'Telegraph' denies Galloway vendetta

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The Independent Online

The Daily Telegraph was accused yesterday of conducting a "massive exercise in politically motivated character assassination" against the former Labour MP George Galloway.

The Daily Telegraph was accused yesterday of conducting a "massive exercise in politically motivated character assassination" against the former Labour MP George Galloway.

On the third day of the MP's libel action against the newspaper the High Court was told by Mr Galloway's counsel that the Telegraph sought to "terminate him as a public figure".

Under cross-examination, Neil Darbyshire, who was acting editor of the Telegraph when it reported claims that Mr Galloway was in the secret pay of Saddam Hussein, dismissed suggestions that the newspaper was conducting a vendetta. The Telegraph claims that what it published was responsible journalism and that it was in the public interest to report the allegations, which were based on documents discovered by one its correspondents in the burnt-out ruins of a ministry in Baghdad.

Watched from the public gallery by his former boss - the former Telegraph editor Charles Moore - Mr Darbyshire said he had been in contact with Mr Moore over the story. Mr Moore was able to monitor the progress of the coverage via a computer at his home, the court was told.

Richard Rampton QC, counsel for Mr Galloway, said: "I suggest that you thought these documents provided you with a heaven-sent opportunity to terminate Mr Galloway as a public figure once and for all. Right or wrong?" Mr Darbyshire replied: "Absolute claptrap".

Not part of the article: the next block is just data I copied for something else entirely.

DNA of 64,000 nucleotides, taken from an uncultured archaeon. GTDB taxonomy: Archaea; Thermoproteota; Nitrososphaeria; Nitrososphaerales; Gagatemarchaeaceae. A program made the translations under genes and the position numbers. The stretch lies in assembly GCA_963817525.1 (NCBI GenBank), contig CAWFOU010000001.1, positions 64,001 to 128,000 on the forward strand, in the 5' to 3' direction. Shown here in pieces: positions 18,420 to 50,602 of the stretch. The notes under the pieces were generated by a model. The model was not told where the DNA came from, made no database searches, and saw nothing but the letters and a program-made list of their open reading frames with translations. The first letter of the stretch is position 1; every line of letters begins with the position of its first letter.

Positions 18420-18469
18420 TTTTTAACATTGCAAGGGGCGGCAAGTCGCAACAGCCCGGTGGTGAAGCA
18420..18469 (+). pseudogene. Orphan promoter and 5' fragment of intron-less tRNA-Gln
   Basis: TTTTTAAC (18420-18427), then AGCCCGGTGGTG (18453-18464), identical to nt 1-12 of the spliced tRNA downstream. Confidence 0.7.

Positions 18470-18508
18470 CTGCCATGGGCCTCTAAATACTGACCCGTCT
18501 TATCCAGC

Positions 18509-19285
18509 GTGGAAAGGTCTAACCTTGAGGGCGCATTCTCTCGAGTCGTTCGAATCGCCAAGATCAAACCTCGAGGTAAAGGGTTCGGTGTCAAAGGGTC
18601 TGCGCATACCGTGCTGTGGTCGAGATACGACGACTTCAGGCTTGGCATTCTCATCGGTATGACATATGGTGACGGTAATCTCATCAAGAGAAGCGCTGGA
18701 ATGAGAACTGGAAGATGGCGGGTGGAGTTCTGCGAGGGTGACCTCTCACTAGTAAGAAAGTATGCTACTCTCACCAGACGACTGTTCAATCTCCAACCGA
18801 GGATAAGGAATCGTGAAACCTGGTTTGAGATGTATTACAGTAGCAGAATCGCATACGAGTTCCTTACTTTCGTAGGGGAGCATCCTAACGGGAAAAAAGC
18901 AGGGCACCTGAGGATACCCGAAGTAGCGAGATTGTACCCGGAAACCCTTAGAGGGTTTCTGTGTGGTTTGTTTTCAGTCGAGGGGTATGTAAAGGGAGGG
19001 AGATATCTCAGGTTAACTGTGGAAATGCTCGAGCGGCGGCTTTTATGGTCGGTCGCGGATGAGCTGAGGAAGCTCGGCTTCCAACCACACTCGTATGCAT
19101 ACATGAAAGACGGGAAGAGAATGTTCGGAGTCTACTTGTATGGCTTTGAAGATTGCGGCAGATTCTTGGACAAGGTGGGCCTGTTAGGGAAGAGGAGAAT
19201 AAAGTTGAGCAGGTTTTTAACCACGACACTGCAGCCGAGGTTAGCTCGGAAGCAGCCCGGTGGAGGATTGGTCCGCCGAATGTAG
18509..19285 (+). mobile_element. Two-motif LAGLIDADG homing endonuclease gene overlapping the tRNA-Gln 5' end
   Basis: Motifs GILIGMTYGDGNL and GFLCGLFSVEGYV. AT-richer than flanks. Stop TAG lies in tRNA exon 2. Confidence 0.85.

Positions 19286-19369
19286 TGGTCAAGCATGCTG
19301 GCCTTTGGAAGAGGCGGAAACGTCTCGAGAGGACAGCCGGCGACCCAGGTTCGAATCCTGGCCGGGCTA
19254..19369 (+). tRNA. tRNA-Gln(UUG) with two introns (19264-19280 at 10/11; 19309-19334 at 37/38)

Mr Rampton added: "And so far from being a balanced piece of responsible reportage, this was a massive exercise in politically motivated character assassination on a grand scale." "Ditto," said Mr Darbyshire.

In a witness statement, Mr Moore said he considered his relationship with Mr Galloway to be a good one. But he said the documents discovered by the Telegraph's David Blair after the fall of Baghdad suggested there was a "pecuniary motive behind [Galloway's] support for Iraq".

The MP was a high profile campaigner against the US-led invasion of Iraq, and had long opposed sanctions on humanitarian grounds. He now sits as an independent MP after being expelled by Labour last year.

In his statement, Mr Moore said: "The documents created a prima facie case against Mr Galloway and, from the reports given to me, he had failed to satisfy me or my colleagues that the documents were otherwise than genuine." He described David Blair as an "extremely able and careful journalist" with a "scrupulous regard for accuracy".

Mr Justice Eady read from a Telegraph leader column headlined "Saddam's little helper", which inferred that Mr Galloway might have been guilty of treason. The judge asked Mr Darbyshire whether these claims should have been put to Mr Galloway. Reading from the article, the judge also highlighted a paragraph that said money was being diverted not from Saddam's personal bank account but from the UN's oil-for-food programme.

The hearing was adjourned until tomorrow when the judge will hear closing submissions. He is expected to reserve judgment for two weeks.